Updates: As I update this post, you’ll find the additions either as UPDATE asides like this one, or at the end where I extend the post to reveal some of the activities I secretly engage in when on conference travel in foreign lands. Agenda now online.
DomainingEurope.com is an annual conference held in Valencia, Spain every year. I’ve been the past two years, and it is one of the best trips I make in the web publishing industry. Thinking of gaining some fresh perspective? Fancy a trip to Europe?
I’m going to post some stories and pictures, but in the mean time let me just say Spain is very easy and fun to visit, the host is a top quality person (Dietmar Stefitz), and the conference is totally worthy of the time and attention (practical discussions of real world issues obtaining, using, selling, and the future of Internet domains).
UPDATE: I have a significant discount code if you need it… just contact me behind the scenes at USA @ DomainingEurope dot com.
The Euro is at a 9 year low compared to the dollar, and Spain is one of those countries where the people simply insist on living a good life no matter what the economy or external geopolitical climate might be. In my experience you are never more than 15 feet from someone who speaks English, and never more than 5 feet from someone who is friendly, considerate, and willing to answer a question or share a pleasantry.
For business, I meet more independent-thinking, open-minded entrepreneurs there than at big US conferences like NamesCon… they seem less mainstream, less likely to be working scams, and more thoughtful, and are more deeply involved in their domains and publishing on the web. I also meet vendors close up and personal… there are fewer “invite only” private dinners, for example, and in general a more open community than at US-based events.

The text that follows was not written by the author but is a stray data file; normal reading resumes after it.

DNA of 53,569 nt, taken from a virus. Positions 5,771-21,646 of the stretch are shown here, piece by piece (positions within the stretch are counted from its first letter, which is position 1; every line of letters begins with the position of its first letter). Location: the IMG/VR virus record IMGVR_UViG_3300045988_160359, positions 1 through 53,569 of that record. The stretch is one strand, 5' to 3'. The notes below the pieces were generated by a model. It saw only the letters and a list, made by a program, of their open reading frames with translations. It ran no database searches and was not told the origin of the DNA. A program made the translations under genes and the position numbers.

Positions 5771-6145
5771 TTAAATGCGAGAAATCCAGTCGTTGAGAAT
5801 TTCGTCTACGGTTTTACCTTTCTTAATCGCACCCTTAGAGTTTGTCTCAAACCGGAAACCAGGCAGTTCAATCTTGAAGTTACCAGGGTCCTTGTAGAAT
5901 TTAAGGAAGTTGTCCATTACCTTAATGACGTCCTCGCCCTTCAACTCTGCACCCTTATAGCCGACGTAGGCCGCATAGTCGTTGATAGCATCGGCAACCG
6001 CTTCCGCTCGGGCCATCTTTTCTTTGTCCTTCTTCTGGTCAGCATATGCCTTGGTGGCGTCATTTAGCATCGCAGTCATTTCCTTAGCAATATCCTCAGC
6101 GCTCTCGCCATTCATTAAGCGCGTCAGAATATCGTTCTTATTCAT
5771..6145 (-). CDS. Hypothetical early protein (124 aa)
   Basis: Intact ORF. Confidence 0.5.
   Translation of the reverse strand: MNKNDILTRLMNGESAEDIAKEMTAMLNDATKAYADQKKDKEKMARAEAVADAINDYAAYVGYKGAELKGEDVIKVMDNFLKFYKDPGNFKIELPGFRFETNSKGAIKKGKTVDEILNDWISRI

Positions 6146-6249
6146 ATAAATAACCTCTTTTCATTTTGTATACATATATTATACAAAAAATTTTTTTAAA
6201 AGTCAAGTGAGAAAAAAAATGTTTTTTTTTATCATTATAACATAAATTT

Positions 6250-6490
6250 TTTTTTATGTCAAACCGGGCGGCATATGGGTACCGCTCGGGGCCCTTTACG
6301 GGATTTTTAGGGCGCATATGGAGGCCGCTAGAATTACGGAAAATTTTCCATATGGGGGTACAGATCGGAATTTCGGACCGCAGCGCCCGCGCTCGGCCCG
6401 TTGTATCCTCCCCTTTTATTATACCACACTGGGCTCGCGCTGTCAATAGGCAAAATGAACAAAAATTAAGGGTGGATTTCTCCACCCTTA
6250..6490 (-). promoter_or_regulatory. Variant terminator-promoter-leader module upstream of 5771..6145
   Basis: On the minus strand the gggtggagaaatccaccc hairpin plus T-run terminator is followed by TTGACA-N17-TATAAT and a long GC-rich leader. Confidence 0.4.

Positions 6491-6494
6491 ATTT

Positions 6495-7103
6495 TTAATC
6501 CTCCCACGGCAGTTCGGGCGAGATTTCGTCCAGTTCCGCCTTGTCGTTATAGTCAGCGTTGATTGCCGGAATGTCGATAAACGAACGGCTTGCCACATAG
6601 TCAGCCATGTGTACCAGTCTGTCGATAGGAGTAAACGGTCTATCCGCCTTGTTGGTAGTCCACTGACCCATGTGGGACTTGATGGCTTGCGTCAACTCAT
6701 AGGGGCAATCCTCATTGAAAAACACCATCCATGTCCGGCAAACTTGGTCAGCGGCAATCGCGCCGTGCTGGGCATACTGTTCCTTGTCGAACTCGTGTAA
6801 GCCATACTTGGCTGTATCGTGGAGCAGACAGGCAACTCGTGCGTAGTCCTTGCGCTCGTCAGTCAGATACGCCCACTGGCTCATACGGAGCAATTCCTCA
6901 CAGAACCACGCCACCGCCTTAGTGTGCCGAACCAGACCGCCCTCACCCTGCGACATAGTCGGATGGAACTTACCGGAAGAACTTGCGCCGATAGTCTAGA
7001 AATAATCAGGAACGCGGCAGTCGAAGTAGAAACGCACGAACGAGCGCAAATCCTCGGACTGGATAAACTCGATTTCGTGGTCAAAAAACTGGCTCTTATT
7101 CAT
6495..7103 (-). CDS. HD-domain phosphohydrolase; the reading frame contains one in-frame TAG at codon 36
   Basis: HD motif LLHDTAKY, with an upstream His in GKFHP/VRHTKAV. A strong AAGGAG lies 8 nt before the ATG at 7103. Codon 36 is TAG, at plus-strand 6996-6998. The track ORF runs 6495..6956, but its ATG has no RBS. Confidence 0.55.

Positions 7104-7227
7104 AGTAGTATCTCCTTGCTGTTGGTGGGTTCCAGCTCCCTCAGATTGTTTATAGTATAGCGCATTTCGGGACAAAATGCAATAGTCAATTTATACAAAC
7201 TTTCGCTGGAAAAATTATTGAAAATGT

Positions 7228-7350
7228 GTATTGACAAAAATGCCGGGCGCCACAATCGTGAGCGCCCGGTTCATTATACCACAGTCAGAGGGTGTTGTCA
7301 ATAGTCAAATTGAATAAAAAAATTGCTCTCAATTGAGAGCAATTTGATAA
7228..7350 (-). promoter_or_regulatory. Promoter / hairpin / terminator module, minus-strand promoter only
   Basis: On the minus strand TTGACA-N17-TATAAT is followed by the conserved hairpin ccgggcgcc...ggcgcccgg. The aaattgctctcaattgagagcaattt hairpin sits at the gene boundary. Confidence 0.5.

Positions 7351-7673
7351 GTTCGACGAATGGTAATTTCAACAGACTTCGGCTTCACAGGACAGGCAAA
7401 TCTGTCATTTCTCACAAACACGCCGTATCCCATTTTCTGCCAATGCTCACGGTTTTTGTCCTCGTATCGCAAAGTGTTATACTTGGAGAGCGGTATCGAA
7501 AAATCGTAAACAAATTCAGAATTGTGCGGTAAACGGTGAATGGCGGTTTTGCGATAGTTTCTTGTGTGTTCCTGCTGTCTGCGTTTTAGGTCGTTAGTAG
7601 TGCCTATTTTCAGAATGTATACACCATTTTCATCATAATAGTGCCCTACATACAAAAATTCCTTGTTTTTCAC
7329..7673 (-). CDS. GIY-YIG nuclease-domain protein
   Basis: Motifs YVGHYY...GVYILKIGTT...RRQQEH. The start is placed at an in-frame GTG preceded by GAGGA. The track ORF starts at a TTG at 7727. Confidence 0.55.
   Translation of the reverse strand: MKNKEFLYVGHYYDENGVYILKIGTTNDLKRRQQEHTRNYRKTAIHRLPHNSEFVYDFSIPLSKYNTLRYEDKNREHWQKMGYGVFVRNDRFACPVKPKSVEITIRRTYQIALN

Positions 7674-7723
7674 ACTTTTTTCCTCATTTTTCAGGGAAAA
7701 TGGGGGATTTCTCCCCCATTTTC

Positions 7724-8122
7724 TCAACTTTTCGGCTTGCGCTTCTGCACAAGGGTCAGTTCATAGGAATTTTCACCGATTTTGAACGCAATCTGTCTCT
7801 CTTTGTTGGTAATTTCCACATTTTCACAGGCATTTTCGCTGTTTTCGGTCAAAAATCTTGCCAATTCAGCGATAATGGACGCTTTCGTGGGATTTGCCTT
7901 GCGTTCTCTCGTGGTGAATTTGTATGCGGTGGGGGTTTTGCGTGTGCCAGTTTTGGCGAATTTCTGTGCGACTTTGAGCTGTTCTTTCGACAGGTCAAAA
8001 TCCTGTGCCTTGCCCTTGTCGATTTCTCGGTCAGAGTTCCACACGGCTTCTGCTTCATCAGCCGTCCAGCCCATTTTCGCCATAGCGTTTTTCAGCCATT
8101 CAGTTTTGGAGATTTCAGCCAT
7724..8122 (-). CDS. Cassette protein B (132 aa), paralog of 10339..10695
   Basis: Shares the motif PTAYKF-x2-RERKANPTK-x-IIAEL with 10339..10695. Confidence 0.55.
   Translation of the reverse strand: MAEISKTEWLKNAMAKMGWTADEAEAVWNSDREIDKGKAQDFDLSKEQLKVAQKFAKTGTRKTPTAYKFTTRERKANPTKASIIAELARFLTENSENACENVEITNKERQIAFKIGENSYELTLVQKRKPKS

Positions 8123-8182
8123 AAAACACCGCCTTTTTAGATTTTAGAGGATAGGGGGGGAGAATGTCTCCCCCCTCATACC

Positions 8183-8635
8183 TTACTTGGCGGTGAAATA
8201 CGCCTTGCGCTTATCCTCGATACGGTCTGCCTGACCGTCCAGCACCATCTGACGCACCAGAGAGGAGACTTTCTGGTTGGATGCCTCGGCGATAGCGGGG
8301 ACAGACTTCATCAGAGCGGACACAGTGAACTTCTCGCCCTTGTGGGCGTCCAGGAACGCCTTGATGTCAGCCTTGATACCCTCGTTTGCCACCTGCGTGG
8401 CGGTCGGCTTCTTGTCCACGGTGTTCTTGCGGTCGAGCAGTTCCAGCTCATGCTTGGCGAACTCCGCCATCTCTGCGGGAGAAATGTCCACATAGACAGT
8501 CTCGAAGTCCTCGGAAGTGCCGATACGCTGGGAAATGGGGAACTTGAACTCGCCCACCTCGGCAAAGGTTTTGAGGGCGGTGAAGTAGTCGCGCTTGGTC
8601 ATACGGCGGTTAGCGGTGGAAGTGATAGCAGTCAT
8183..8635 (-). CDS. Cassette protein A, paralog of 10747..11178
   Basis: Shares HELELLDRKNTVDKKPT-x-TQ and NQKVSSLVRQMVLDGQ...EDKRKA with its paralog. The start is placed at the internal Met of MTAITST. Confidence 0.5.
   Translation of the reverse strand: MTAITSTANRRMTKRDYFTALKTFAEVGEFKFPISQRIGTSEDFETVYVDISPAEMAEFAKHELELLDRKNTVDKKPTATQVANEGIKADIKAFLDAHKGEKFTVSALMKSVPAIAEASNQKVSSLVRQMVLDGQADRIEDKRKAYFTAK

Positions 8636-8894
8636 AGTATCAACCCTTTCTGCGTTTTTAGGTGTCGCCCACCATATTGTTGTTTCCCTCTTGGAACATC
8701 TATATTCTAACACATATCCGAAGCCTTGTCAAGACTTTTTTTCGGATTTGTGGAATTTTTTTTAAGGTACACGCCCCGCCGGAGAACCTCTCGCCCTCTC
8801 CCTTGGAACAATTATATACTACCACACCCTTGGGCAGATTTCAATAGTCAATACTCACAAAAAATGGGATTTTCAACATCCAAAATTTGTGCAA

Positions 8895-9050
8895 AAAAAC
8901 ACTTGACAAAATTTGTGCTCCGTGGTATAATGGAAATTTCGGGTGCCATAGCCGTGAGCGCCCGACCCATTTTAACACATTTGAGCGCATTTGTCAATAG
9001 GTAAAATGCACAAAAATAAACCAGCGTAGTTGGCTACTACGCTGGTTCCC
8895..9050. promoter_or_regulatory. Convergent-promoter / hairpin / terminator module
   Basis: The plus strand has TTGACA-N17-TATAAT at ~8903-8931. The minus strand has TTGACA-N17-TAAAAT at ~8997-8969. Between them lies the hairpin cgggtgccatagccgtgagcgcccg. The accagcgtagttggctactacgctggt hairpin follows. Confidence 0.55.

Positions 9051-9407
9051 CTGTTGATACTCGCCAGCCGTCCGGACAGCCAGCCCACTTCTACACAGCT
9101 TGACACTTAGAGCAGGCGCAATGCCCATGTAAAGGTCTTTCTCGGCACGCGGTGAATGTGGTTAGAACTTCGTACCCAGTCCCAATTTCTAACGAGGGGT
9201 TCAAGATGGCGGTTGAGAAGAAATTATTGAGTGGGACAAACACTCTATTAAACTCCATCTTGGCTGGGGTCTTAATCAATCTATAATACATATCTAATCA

Update: After NamesCon, I am even more thrilled to be headed to Europe. The energy behind some of the gTLDs is catching on, and I am very curious what my European friends think of the potential of cross-border names like .club and .buzz in their countries. FYI, jeugos.club just sold for $6000, suggesting that the Spanish langiage market likes .club (juegos is “games” in Spanish).
If you are interested, let me know via social media (Twitter @johnandrews DM me) or email USA @ DomainingEurope dot com… I have deep discount codes available.
If you are a domain industry player and want some insider comments about how good this would be for your brand or gTLD or whatever to engage with, I’m happy to share insights. There is no better venue to continue the meomentum of the new gTLDs in front of an audience of domain investors and developers, than DomainingEurope.